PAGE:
Zippy and bumblebee-like, the Hairy-footed Flower Bee is one of the first bees to be out in spring.
- Common name(s)
- Hairy-footed Flower Bee
- Scientific name
- Anthophora plumipes
- Bee group
- One of the 'flower bees' from the genus Anthophora
- When to see it
- February – May
Zippy and bumblebee-like, the Hairy-footed Flower Bee is a spring-flying solitary bee. Females are jet black with orange pollen hairs while males are brown with a yellow face and hairy middle legs.
With a long tongue, it favours deep flowers such as Primrose, Pulmonaria and Dead-nettles. The Hairy-footed Flower Bee is one of the first bees out in the year.
Due to their flurry and plump appearance, Hairy-footed Flower Bees are easily mistaken as a small bumblebee. A key clue is their flight behaviour: flower bees are zippy in flight and have a high-pitched shrill buzz.
Males are brown-furred with a yellow ‘mask’ on their face. Their middle legs have feathery hairs, giving rise to the name of ‘Hairy-footed Flower Bee’.
Males are most often observed darting around flower patches in search of females.
Females have jet black fur with orange hairs on their hind legs. These orange hairs make up the pollen brush where pollen is collected. Unlike males, females do not have the yellow marking on the face.
Females commonly nest in soft mortar walls and used compacted soil as nesting material.
Also found in the North East, the Fork-tailed Flower Bee is similar to the Hairy-footed Flower Bee. However, the Fork-tailed Flower Bee is brown-furred and males do not have feathery hairs on their middle legs. Female Fork-tailed Flower Bees also have a small orange-red tail tip. Unlike Hairy-footed Flower Bees, this flower bee nests in dead wood.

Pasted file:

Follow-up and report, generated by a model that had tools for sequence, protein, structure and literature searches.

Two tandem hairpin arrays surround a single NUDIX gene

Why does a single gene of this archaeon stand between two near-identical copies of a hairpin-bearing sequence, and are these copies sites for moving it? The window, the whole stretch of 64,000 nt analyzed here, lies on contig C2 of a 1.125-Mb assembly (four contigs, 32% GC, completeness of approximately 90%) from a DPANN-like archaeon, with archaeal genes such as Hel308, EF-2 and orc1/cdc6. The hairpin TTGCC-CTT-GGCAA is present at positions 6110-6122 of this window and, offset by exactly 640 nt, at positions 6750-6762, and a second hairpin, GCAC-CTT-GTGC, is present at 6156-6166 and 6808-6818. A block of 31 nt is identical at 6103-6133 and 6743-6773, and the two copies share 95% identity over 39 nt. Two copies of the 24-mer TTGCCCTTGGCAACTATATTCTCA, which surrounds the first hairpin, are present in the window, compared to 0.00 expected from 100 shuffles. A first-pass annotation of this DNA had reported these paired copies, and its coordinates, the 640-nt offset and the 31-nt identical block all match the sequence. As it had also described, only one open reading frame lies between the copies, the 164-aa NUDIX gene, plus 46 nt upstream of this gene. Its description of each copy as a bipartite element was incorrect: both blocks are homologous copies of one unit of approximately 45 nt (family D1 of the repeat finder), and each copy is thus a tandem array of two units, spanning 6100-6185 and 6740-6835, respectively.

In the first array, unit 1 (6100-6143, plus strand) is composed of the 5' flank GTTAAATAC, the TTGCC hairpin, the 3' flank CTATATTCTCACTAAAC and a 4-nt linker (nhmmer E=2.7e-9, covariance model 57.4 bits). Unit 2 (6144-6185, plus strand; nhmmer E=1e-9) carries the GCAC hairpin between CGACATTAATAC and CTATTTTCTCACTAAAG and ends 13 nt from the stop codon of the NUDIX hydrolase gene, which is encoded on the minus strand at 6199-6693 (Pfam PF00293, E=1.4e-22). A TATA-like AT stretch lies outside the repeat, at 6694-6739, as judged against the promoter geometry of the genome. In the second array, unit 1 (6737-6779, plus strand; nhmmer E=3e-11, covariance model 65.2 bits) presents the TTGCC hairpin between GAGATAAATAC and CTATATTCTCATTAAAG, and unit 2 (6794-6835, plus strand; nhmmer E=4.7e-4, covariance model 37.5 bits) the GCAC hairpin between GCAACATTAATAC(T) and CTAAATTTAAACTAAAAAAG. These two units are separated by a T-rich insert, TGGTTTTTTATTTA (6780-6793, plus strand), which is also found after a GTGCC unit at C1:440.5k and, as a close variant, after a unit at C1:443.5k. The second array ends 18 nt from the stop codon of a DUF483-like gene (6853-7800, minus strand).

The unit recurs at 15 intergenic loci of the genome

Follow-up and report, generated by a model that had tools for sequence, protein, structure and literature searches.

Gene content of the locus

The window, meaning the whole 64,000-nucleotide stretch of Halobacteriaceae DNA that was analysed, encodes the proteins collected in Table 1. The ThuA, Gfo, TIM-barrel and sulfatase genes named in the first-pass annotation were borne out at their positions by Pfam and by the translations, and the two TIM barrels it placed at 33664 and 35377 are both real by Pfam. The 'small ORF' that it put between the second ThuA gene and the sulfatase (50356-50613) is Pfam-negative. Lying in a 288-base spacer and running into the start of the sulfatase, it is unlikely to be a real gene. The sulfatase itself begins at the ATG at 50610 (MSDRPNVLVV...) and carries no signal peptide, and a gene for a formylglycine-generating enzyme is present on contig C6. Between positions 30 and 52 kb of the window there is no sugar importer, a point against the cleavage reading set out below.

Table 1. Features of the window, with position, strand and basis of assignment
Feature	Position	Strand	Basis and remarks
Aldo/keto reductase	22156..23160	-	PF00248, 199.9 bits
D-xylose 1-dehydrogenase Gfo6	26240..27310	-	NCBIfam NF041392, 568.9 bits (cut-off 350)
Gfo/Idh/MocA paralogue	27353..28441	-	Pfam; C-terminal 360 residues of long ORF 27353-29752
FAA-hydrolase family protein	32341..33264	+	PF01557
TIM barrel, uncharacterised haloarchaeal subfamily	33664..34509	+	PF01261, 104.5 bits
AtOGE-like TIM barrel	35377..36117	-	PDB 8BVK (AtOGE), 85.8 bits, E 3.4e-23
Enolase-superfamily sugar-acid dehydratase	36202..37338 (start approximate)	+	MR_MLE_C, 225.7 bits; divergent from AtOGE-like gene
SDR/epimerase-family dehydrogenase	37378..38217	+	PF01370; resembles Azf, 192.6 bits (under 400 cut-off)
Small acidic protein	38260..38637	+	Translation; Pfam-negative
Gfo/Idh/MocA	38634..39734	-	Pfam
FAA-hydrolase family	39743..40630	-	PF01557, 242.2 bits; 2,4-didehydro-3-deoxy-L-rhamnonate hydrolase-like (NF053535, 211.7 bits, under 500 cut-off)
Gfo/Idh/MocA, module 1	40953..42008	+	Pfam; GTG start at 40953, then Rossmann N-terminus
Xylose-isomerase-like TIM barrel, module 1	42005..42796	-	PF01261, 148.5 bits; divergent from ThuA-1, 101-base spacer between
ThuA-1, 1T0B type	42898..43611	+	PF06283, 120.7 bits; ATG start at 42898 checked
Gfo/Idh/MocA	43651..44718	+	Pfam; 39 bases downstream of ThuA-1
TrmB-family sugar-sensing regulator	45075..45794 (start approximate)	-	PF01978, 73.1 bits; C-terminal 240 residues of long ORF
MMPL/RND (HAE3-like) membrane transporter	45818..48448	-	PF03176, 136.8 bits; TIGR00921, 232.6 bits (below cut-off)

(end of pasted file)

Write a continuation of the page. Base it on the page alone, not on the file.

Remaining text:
A long-tongued bee, Hairy-footed Flower Bees visit plants with deeper flowers, such as Dead-nettles, Pulmonaria, Cowslips and Primroses. Using soil particles as nesting material, females nest in vertical, soft-rock faces such as old walls, cliffs and soft mortar. While solitary, females are often observed nesting close together in groups. Males wave their their feathery leg hairs during mating.
First recorded in 2011 from Alnwick Gardens, the Hairy-footed Flower Bee is a relatively recent arrival to the North East. A scarcer species in the region, recent records are showing it is more widespread than previously thought. Records are clustered mainly around the Alnwick area with other sightings from Barnard Castle, Warkworth, and in 2021, Morpeth.
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